City Council: After a wild week of speculation, reformers come out on top | News | Pittsburgh | Pittsburgh City Paper

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City Council: After a wild week of speculation, reformers come out on top

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At about 10:05 a.m. on Mon., Jan. 7, City Councilor Jim Motznik flew out of council chambers and rushed toward his office.

"Do you have the votes, Jimmy?" asked one man in the spillover crowd gathered around a television set in the hallway.

"I don't know," Motznik replied. "We'll see shortly."

Close to 10:30, council's swearing-in ceremony got under way -- about 30 minutes behind schedule.

Rumor has it that the delay was the result of last-minute, behind-the-scenes arm-twisting by Mayor Luke Ravenstahl on behalf of Motznik, a mayoral ally. When it came time to make the choice, however, it was obvious Motznik didn't have the votes -- and that he'd decided to save face instead. Motznik nominated the incumbent president, Doug Shields, who is no friend of the mayor's. The nomination was approved by an 8-0 vote. Councilor Tonya Payne was not present for the vote or the rest of the meeting.

Amongst reformers and Ravenstahl critics, the outcome is being hailed as a potential watershed moment, a sign that Ravenstahl may encounter a council less complacent than last year. But after the vote, Motznik put a positive spin on the outcome.

"I think it was important that our voice was unanimous," Motznik told reporters. "We all have the same goal, and that's to move the city forward in the right direction.

"Let's be honest: It was probably a long shot for me to become the council president," added Motznik, whose sharp-elbowed attempts to garner the position in previous years rankled some colleagues. "I did have an interest in it, but the majority of council members felt that Mr. Shields was doing a good job."

Motznik says his support of Shields was not part of any deal. That became obvious when Shields handed out committee assignments, part of the council president's prerogative. Shields put Motznik in charge of the distinctly unglamorous committee on engineering, fleet and forestry.

Ravenstahl apparently hadn't cut many deals either: For the powerful post of finance committee chair, Shields named Bill Peduto, a onetime mayoral candidate and a frequent Ravenstahl critic. The new position will give Peduto even more opportunity to spar with the administration.

While announcing his choices, Shields urged the audience, "[D]on't read too much into this. I did my best to put the right people in the right places and the right jobs." Shields pledged to work with Ravenstahl, pronouncing, "If the mayor should fail, then we all fail." But it's hard to ignore the political implications of the outcome: Council's two top positions are now held by councilors who've defied the mayor on a number of issues.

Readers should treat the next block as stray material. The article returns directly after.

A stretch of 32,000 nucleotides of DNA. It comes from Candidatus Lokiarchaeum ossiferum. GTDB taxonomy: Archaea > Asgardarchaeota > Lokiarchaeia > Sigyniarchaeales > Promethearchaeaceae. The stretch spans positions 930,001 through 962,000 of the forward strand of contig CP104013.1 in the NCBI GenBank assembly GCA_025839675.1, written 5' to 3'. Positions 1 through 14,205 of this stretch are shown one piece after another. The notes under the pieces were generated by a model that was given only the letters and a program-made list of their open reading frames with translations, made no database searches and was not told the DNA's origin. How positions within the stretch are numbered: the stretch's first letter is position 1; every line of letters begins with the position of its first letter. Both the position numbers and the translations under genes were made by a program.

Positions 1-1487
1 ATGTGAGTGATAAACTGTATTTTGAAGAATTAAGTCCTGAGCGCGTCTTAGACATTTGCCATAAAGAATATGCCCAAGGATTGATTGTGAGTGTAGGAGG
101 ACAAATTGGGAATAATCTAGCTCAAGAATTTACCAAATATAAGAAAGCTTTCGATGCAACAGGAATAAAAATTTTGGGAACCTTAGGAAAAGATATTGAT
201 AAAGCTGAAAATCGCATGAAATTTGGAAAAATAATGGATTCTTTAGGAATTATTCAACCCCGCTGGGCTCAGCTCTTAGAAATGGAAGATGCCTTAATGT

For his part, Peduto said no deals were made. However, he said he didn't know for sure what was going to happen until about 9:55 that morning.

"The council presidency is part playground politics and part Machiavellian politics," Peduto said. "It all came to a head in the last few days. What happens never surprises me, yet it always surprises me."

The drama in those final hours surrounded council newcomer Patrick Dowd. Dowd narrowly bested incumbent Leonard Bodack last year, running on a good-government campaign. But rumors swirled amongst reformers that Dowd was planning to support Motznik, so that Dowd could become finance chair. Most vote counts showed Motznik and Shields with four votes apiece, making Dowd the critical swing vote. (Council's other two newcomers, Bruce Kraus and Ricky Burgess, were numbered in the Shields camp.) In the face of mounting pressure, Dowd wrote a densely worded public letter insisting, "I want to elect a council president based upon a publicly articulated agenda" -- one that would "articulate a clear list of priorities or agenda items or goals." And contrary to rumors that he had thrown in with one side or the other, "At this point, no candidate has articulated publicly an agenda or list of priorities."

Dowd said he still didn't receive that and went with a "second-level of decision making." That second-level thinking involved a decision that would help unify council and get rid of the "politics of personality," diffusing the polarity that exists in city government.

In the days leading up to the ceremony, local blogs had been ablaze about strong politicking from councilors and the administration toward council's three new members, with Dowd being labeled the swing vote. One blog even alleged that the mayor visited Dowd at home this weekend.

"A lot of people have been to my home ... but the mayor has never been to my home," Dowd told City Paper after the meeting. "The whole insinuation that I got pressure from the administration is just not correct."

Dowd said he received more than 100 e-mails and about 10 calls regarding his vote for council president. He said he did discuss it with fellow council members in the days leading up to the vote, but added, "That's my job."

Whatever bad blood may exist between the administration and reformers -- or among the reformers themselves -- councilors on all sides are trying to put the best face on things. "[N]ow is the time for us all to work together," said Peduto. And while he's been critical of Ravenstahl's handling of finances, he said, "If we work together, we can probably solve this problem."

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